- The Washington Times - Saturday, May 24, 2003

After unleashing much speculation earlier this month in the financial markets and the media over the Federal Reserve’s concerns about the dangers of deflation, Fed Chairman Alan Greenspan went to Capitol Hill on Wednesday and delivered his take on the current status of the U.S. economy. Noting “substantial consumer and [producer] price declines in April,” Joint Economic Committee Chairman Robert Bennett, Utah Republican, opened the hearing by saying he hoped it would “serve as a fair and open forum for exploring some of the potential answers” to the “many questions about deflation.”

Interestingly, having effectively precipitated the national discussion about deflation by releasing an extraordinary statement following the Fed’s monetary-policy committee meeting May 6, Mr. Greenspan managed to deliver his prepared testimony before the JEC without once mentioning the dreaded “d-word.” No doubt that was intentional, given the fact that the Fed has no reason to fan the flames of concern because it will have the biggest responsibility for dousing any deflationary fires. This strategy seemed especially appropriate in an economic environment where price expectations can easily evolve into reality, as they have in the past.

Nevertheless, no sooner had Mr. Greenspan completed his prepared remarks than Rep. Jim Saxton, New Jersey Republican, asked Mr. Greenspan a policy question relating to deflation. What monetary-policy options were available to the Fed, Mr. Saxton inquired, in the event that its target interest rate — the overnight rate that banks charge each other for borrowed reserves — fell to zero?

Not too long ago both the question and its response would have constituted an academic exercise in hypothetical speculation. Today, however, the federal funds rate, which the Fed has reduced 12 times since January 2001, stands at 1.25 percent, its lowest level in more than four decades. Despite the Fed’s aggressive monetary expansion, which has reduced the federal funds rate from its cyclical peak of 6.5 percent, the U.S. economy remains quite weak. And further monetary stimulus, which, by definition, will push the overnight rate lower and thus closer to zero, seems all the more necessary when the next Fed meeting takes place June 24-25.

While deflation, which represents a sustained decline in the general price level, has not yet surfaced in the United States, a sustained process of disinflation, in which the rate of price increases becomes smaller and smaller as it approaches zero, has become somewhat entrenched in the U.S. economy. Meanwhile, Japan has been fighting, and losing, its nearly four-year battle with deflation. Now, with deflation accelerating, Japan’s economy seems poised to fall into yet another post-bubble recession. At the same time, European economies are facing intensifying deflationary pressures, particularly Germany, which suffered its second consecutive quarter of economic contraction in the January-March period.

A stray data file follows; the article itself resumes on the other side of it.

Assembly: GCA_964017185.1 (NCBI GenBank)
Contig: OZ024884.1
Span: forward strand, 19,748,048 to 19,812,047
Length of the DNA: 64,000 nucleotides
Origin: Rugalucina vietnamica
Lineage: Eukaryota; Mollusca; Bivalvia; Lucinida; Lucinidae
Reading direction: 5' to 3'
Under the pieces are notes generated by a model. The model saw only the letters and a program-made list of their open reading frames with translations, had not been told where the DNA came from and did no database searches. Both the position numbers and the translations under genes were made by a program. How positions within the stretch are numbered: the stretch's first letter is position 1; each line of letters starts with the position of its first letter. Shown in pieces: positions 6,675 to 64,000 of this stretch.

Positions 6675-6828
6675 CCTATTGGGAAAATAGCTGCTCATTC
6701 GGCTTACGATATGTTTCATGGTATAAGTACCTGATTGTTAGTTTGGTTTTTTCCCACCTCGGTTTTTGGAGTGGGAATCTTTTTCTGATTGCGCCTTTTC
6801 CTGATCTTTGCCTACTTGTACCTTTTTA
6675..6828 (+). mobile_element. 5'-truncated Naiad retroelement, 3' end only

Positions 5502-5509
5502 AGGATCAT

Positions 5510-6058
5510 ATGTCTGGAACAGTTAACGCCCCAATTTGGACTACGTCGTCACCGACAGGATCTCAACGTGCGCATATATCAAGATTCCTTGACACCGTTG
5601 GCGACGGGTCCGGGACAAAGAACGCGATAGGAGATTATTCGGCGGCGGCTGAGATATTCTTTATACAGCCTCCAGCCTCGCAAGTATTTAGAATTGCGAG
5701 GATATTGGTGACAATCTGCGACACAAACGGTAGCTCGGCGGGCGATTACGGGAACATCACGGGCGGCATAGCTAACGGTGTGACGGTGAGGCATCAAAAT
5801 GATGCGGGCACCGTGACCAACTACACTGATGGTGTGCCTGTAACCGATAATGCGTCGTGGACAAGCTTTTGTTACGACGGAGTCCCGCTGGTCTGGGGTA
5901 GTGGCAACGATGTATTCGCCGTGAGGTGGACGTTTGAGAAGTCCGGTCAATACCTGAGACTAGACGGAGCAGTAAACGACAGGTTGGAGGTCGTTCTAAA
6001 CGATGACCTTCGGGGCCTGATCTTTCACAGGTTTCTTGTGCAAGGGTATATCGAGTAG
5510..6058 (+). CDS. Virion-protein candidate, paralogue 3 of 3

With such unwelcome deflationary pressures multiplying across the world, Mr. Saxton’s timely question provided Mr. Greenspan with the opportunity in a more public forum to reiterate the Fed’s strategy, which the chairman and other Fed officials have mapped out in less public speeches over the past seven months. “[W]e have chosen to act solely in overnight funds, essentially addressing the reserve balances of the banks,” Mr. Greenspan replied, adding, “but the point at issue is that there is no legal requirement that we do so, nor indeed an economic one. And should it turn out that, for reasons which we don’t expect but we certainly are concerned may happen, the pressures on the short-term markets drive the federal funds rate close to zero, that does not mean that the Federal Reserve is out of business on the issue of further easing and expand[ing] the monetary base,” which comprises cash and the reserves banks use in the money-creation process. Because longer-term interest rates are significantly above the overnight rate, the Fed “can merely move out on the yield curve” by “essentially moving longer-term rates down and in the process expanding the monetary base and the degree of monetary stimulus.”

To drive his point home, Mr. Greenspan forcefully observed, “[W]e see no credible possibility that we will at any point, irrespective [of] what is required of us, run out of monetary ammunition to address problems of deflation or anything similar to that which disrupts our economy.”

Responding later to a specific question about deflation from Mr. Bennett, Mr. Greenspan acknowledged that, “even though we perceive the risks [of deflation occurring] as minor, the potential consequences are very substantial and could be quite negative.” Mr. Greenspan then returned to a metaphor he has used before. “We believe that, because in the current environment the cost of taking out insurance against deflation is so low, we can aggressively attack some of the underlying forces, which are essentially weak demand.”

We believe that statement describes the rationale for the Fed to increase its insurance policy against deflation by further reducing its target rate at its next meeting. To refrain from doing so would be to misjudge the favorable cost-benefit tradeoffs.

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